On his way to the beis midrash, Reb Levi Yitzchak of Berditchev saw a man racing across the market square. He ran so fast that his coattails and tzitzis flapped behind him. In one hand he clutched a tattered briefcase; the other hand was clamped on top of his hat to keep it from flying off his head. As the man ran past, Reb Levi Yitzchak called to him. The man stopped for a moment in deference to the rebbe, and greeted him between gulps of air.
“Where are you running to so swiftly?” the rebbe asked.
“What do you mean, Rebbe?” the man said sharply, making, no attempt to hide his displeasure at having to make this detour. “I am earning my living, running alter my livelihood. There are opportunities for success ahead of me, and if I don’t race after them they will escape me.”
“And how do you know,” the rebbe asked, “that these opportunities lie before you? Perhaps you are racing right by them? Or even worse, perhaps they are behind you and you are running away from them?”
The man simply stared at the rebbe uncomprehendingly.
“Listen, my friend.” Reb Levi Yitzchak said, “I am not saying you should not earn a living. I am only worried that in your obsession with earning you are missing out on the living.”
Beis midrash (literally, “House of Study”): A communally run center for religious learning where young men would spend the entire day poring over the Bible and Talmud. Today, such centers are usually privately run.
Tzitzis (“fringes;” modern Hebrew, tzitzit or arbah kanfot, four corners, or tallit katan, small prayer shawl): A four-cornered fringed undergarment worn by observant Jews in fulfillment of the commandment “They shall make for themselves fringes on the corners of their garments for all generations…” (Numbers 15:38). One is supposed to look upon the fringes and be reminded that one is always surrounded by the Presence of God. To be made visible, the tzitzis are worn long so they hang below one’s clothes.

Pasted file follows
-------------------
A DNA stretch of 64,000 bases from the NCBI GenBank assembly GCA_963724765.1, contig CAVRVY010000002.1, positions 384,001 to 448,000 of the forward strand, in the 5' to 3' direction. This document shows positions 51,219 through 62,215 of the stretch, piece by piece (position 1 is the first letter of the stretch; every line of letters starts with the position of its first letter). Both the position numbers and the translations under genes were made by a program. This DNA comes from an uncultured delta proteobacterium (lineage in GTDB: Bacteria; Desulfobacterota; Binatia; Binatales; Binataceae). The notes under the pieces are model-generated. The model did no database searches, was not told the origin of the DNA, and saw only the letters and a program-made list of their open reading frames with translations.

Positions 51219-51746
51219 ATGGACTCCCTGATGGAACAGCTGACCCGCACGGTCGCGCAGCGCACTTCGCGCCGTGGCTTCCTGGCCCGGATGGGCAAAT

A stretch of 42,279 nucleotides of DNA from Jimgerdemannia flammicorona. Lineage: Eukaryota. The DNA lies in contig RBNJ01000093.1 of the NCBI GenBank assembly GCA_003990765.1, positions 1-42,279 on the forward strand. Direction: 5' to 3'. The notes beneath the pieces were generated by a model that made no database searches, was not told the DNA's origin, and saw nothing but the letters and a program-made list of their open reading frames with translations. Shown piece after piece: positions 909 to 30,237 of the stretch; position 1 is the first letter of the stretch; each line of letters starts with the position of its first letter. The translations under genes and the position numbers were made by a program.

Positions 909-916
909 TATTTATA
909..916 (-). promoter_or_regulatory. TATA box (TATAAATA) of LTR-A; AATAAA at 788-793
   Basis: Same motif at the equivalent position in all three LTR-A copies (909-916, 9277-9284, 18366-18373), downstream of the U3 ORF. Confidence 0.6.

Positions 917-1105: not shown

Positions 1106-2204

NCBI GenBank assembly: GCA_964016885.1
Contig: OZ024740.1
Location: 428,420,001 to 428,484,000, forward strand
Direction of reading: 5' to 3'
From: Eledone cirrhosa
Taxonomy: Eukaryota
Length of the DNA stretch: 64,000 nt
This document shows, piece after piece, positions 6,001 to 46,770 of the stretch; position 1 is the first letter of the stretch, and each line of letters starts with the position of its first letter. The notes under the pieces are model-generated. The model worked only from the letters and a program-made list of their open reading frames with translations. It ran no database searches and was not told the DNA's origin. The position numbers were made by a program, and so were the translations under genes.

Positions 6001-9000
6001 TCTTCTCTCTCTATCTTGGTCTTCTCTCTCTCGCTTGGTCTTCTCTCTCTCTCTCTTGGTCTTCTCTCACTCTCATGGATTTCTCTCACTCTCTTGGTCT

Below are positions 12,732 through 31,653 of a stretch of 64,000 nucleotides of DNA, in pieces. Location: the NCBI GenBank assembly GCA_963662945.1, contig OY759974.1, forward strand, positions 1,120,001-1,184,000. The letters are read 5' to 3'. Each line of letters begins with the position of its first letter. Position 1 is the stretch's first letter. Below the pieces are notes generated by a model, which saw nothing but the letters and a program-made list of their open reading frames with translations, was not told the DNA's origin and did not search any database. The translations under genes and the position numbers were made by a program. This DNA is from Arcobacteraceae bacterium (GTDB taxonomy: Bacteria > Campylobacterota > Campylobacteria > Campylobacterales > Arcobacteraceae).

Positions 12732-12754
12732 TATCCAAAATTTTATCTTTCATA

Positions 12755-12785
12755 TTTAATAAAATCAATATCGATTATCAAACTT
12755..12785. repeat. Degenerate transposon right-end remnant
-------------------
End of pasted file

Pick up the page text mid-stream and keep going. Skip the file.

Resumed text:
Do you know the difference between earning a living and earning a livelihood? Many people don’t. You don’t earn your living; your living is a gift from God through your parents. Your livelihood must be earned, but what if earning your livelihood interferes with honoring the gift of your living? This is the question that troubles Reb Levi Yitzchak.
And how are you to know what your livelihood really is? In your scramble for money to pay your bills, could it be that you are missing opportunities not only for living, but for livelihood as well?
There is a tendency to mistake movement for living. If you keep busy, you must be living. The business magazine Fast Company has as its motto a quote from Hunter Thompson: “Faster and faster until the thrill of speed overcomes the fear of death.” Levi Yitzchak wants us to slow down to the speed of life. What is that speed? When Jacob becomes Israel (the God Wrestler, or Spiritual Warrior), he reveals to his brother Esau, the conventional warrior, what the speed of life really is: “I will walk on gently according to the pace of the cattle and the nursing calves, and the gait of the children…” (Genesis 33:14). The speed of life is the pace of the nursing and the nursed. If you want to live well, slow down.